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DSO message not getting through, survey finds

Jul 28, 2006 — by LinuxDevices Staff — from the LinuxDevices Archive — views

Forty-one percent of embedded developers surveyed have heard of “DSO,” but only 12 percent say they know what it is, according to Venture Development Corp. (VDC), whose latest study assesses DSO acceptance in light of “significant time and resources” spent by vendors to define and execute their DSO strategies.

Readers of LinuxDevices still in the dark about the term should read our comprehensive short history of DSO. In a nutshell, the term aims to replace “embedded software” — which arguably makes software seem invisible and unimportant — with a term reflective of software's role as a key differentiator in today's devices.

The term also hints at opportunities to leverage software strategically, either by 1) optimizing a software stack for use and re-use across a class of devices; or 2) optimizing an off-the-shelf, commercial software stack for a particular device, rather than writing the stack from scratch. These “DSO” activities represent, respectively, the endeavors of DSO proponents such as Wind River and Enea, and of their customers.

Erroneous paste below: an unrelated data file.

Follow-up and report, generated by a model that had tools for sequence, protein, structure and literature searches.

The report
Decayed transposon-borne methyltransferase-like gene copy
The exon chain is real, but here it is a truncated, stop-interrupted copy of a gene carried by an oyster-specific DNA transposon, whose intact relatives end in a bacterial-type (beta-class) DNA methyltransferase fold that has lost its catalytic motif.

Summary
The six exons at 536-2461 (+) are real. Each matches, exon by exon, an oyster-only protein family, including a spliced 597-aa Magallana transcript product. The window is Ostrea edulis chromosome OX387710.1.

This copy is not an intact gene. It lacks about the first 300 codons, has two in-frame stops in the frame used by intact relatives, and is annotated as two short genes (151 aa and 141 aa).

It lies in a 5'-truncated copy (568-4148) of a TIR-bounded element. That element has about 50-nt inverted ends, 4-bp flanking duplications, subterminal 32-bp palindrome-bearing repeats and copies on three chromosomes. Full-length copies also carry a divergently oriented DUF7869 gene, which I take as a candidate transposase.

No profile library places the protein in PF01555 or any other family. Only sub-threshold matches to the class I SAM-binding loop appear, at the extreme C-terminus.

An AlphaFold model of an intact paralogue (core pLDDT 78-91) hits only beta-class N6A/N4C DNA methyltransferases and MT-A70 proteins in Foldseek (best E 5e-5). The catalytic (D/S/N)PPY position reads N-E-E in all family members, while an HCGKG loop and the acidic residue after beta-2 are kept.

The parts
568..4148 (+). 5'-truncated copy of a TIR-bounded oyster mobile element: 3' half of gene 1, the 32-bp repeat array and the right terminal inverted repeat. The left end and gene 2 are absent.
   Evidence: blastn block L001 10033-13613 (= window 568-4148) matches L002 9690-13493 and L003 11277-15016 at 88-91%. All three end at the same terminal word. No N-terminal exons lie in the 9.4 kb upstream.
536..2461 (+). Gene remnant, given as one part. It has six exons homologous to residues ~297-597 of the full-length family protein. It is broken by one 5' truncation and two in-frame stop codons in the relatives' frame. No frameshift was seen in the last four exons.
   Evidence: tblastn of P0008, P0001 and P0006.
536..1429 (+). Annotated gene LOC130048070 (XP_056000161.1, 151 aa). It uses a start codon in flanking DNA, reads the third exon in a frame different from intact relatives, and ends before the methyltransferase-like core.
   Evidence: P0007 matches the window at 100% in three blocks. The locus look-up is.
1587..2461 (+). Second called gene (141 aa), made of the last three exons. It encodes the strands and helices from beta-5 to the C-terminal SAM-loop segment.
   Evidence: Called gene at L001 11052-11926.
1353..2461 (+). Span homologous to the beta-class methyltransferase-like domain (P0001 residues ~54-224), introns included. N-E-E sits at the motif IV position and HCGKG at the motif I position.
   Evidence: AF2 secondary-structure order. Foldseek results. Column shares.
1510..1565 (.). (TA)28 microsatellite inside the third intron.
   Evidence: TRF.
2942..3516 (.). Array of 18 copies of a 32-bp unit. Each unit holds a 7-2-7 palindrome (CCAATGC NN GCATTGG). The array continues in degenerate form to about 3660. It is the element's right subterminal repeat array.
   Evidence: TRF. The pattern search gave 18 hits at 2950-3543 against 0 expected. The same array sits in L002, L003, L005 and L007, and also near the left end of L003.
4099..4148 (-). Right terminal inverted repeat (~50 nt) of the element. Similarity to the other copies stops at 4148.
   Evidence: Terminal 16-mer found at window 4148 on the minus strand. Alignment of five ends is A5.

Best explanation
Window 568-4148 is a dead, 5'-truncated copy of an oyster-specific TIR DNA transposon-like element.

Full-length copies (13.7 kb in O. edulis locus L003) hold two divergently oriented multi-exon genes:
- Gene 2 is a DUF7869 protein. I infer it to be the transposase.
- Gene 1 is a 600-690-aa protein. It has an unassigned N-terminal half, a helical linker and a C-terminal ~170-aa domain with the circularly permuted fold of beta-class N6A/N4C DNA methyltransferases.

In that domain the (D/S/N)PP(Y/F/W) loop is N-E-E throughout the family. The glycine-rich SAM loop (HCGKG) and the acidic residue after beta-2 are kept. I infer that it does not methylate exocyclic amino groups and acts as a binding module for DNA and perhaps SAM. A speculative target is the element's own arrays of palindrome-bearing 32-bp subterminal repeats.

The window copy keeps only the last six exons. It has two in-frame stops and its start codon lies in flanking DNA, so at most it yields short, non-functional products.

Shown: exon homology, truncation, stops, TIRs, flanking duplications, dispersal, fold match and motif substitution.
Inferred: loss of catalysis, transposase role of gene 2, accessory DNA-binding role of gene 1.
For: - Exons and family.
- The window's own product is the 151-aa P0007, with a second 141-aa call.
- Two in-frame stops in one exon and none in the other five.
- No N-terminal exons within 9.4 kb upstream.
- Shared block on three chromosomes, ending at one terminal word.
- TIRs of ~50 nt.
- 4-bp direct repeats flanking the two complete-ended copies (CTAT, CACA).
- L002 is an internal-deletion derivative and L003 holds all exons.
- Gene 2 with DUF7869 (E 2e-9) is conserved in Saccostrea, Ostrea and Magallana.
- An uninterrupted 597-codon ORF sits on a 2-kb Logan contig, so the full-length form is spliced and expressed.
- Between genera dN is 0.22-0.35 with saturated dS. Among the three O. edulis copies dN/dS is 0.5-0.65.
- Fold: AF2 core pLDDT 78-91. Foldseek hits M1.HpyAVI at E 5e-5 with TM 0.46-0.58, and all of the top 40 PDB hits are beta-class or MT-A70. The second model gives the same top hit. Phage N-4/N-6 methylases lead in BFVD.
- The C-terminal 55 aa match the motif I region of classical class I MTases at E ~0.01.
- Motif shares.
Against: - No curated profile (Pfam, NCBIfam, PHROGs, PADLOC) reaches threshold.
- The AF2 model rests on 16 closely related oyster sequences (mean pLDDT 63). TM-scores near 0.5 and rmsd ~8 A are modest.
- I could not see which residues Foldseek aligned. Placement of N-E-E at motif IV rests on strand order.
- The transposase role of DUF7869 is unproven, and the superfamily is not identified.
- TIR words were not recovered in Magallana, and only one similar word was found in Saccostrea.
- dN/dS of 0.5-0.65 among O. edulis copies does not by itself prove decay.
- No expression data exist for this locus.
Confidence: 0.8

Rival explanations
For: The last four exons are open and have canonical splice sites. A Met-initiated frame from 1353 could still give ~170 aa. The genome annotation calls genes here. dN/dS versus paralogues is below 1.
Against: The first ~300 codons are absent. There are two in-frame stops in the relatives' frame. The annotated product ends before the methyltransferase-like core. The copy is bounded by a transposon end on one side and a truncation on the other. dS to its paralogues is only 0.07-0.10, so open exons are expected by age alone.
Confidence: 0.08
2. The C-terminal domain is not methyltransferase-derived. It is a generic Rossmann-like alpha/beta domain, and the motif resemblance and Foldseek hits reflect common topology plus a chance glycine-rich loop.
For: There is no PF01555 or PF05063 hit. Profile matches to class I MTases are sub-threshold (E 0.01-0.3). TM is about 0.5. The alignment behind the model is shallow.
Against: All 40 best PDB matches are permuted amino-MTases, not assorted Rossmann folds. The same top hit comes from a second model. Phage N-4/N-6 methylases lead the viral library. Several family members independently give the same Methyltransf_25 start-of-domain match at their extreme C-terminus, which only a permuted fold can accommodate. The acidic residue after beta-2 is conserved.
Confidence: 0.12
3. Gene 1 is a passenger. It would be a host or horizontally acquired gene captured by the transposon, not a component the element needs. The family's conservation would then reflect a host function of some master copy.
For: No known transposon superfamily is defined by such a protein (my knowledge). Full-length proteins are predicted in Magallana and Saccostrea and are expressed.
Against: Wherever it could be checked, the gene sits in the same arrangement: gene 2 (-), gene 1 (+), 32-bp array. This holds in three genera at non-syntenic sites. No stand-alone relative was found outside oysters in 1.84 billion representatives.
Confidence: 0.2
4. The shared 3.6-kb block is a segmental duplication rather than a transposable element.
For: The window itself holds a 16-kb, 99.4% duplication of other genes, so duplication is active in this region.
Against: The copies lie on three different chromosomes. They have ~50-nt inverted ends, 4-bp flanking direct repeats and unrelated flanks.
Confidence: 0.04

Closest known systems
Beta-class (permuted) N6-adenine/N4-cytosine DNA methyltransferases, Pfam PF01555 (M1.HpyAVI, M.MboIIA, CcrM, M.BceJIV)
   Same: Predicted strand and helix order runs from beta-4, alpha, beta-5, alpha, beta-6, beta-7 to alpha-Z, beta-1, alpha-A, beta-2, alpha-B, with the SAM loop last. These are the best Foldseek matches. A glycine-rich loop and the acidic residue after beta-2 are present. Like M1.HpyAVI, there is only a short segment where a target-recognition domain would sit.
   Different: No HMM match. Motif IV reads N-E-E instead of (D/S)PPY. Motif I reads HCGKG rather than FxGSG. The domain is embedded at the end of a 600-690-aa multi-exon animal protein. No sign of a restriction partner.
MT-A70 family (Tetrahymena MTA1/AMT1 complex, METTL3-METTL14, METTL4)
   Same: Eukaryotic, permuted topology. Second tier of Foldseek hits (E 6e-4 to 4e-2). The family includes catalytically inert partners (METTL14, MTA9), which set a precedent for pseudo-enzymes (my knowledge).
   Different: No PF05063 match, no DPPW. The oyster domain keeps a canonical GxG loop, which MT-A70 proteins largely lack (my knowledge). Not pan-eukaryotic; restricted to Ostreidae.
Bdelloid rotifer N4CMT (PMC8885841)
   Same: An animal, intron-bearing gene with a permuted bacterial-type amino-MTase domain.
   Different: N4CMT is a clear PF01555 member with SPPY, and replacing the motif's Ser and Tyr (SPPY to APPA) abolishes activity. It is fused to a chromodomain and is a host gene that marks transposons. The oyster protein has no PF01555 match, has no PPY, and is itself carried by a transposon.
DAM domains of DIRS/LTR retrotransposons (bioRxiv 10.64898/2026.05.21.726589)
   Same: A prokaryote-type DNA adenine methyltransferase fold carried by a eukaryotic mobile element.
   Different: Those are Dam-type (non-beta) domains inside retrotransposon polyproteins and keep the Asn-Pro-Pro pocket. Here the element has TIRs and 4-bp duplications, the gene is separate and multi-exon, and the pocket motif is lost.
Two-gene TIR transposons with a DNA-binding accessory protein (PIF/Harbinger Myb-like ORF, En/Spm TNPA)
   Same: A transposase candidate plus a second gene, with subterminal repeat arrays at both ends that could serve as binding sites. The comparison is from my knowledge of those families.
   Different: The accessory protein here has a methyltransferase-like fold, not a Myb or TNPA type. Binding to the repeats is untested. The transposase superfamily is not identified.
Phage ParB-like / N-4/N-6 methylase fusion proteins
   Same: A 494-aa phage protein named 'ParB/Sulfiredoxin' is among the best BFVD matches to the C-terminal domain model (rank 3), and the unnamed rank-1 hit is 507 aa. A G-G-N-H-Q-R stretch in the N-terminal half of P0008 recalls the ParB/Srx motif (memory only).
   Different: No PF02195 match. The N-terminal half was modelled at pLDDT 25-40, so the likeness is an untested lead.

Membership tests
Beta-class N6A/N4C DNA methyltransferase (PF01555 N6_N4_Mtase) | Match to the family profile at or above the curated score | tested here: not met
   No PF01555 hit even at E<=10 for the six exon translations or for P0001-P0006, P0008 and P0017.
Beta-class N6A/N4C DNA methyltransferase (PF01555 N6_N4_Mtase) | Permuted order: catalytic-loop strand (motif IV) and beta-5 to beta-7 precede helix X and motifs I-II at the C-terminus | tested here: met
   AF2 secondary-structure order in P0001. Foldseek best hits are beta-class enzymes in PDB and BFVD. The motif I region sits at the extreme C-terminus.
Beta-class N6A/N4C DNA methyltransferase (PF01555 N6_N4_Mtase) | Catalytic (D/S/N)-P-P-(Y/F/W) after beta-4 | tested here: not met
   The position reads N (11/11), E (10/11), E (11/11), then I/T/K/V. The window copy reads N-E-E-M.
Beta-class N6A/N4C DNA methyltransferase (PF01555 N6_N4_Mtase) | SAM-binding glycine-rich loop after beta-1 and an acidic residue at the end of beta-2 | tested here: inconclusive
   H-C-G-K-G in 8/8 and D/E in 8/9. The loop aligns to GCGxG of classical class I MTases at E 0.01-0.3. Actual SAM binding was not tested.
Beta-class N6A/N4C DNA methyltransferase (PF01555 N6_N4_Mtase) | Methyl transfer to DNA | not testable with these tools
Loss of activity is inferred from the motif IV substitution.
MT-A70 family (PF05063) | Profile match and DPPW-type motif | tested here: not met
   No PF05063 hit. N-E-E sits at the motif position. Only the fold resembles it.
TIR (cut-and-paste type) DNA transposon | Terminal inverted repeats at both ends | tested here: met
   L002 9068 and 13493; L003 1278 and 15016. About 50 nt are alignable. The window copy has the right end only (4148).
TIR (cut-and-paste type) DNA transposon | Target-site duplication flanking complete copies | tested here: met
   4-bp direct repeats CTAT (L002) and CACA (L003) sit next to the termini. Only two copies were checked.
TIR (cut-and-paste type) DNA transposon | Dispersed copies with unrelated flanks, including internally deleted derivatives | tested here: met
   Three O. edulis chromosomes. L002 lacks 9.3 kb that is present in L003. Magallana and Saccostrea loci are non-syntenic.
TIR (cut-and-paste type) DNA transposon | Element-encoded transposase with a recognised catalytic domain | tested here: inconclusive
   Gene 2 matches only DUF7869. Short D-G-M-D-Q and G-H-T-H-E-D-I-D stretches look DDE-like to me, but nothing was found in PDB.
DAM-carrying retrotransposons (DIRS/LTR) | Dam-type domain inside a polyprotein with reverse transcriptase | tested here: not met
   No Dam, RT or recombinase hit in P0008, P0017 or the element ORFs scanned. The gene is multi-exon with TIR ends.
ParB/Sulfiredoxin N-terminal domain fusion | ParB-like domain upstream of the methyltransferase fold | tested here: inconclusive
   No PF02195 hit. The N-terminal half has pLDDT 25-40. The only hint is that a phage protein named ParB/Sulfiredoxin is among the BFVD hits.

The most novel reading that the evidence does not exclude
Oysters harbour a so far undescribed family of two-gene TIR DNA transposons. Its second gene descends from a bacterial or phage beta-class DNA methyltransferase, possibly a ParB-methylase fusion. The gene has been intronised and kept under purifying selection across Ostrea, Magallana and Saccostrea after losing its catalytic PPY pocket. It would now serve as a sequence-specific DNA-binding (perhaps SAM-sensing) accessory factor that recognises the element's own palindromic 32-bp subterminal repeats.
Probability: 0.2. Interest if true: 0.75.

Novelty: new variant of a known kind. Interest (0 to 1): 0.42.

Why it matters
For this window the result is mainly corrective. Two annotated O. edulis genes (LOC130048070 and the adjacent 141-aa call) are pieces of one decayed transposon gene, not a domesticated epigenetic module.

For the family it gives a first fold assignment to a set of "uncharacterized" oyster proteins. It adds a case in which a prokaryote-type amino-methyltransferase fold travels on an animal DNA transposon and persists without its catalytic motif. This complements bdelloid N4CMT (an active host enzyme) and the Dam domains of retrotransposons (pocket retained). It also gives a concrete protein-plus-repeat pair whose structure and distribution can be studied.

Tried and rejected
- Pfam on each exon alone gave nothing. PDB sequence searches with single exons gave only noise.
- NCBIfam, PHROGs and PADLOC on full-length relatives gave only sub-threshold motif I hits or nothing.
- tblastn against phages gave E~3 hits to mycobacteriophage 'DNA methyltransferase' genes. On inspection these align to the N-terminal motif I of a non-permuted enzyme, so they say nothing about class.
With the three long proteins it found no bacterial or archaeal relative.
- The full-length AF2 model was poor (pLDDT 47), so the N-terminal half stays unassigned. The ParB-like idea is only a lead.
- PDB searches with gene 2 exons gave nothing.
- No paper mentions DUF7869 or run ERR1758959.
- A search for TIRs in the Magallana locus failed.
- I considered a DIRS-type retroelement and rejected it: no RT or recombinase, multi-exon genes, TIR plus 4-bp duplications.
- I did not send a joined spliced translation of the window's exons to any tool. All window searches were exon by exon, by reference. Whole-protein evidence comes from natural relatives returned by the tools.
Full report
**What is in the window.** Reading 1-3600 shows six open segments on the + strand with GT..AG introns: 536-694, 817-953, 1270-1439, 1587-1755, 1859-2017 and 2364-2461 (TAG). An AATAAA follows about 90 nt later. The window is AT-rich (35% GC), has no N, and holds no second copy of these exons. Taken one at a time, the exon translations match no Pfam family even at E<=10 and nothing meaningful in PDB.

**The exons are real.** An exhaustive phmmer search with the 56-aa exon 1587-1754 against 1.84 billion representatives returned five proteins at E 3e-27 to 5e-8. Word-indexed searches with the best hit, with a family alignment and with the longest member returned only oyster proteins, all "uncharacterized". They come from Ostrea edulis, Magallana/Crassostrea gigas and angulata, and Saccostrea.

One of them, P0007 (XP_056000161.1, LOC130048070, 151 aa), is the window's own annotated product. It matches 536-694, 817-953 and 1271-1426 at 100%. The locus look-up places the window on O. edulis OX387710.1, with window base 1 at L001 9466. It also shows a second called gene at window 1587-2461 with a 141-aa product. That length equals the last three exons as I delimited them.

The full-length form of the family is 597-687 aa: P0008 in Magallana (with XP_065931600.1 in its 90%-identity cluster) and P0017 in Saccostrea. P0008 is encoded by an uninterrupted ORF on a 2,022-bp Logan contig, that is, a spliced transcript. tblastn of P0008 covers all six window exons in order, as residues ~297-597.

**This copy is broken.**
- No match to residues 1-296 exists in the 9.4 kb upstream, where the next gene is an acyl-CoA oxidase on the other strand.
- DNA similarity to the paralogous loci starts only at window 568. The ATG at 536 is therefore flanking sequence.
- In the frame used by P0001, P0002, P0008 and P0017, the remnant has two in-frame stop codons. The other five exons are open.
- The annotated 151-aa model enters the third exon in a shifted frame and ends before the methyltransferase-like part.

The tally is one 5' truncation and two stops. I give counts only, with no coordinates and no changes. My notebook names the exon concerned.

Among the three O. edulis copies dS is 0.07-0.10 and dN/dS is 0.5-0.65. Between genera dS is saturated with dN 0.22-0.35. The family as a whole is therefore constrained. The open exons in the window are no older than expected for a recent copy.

Since the term's introduction two years ago, the DSO message has been elucidated multiple times, by Wind River CEO Ken Klein, CMO John Bruggeman, Enea CEO Johan Wall, and others. However, the message may not be getting through, VDC's study suggests. The research firm surveyed 348 engineers employed by “embedded system manufacturers” (ESMs), with the following results:

  • I have heard of DSO and know what it is — 11.80 percent
  • I have heard of DSO but don't know what it is — 29.60 percent
  • I have not heard of the term DSO — 58.60 percent

VDC's senior embedded analyst, Steve Balacco, believes part of the problem stems from slightly different messaging from various vendors that have adopted the term. “Vendors seem to have slightly different takes on just what is meant by their use of the acronym 'DSO' as a means to communicate strategic product and service offerings.”

Another challenge, Balacco believes, is the difficulty of putting across a term that ambitiously aims to define an entire industry. “Perhaps this idea of DSO as its own market provides the most confusion for developers and market participants. It may be that changing the mind-sets within these organizations will prove more difficult to achieve than expected.”

VDC's findings summary concludes, “Vendors need to inwardly examine their strategies, and refine and focus the message so that ESMs can relate to and evaluate the benefits of investing in integrated commercial off-the-shelf software platforms.”

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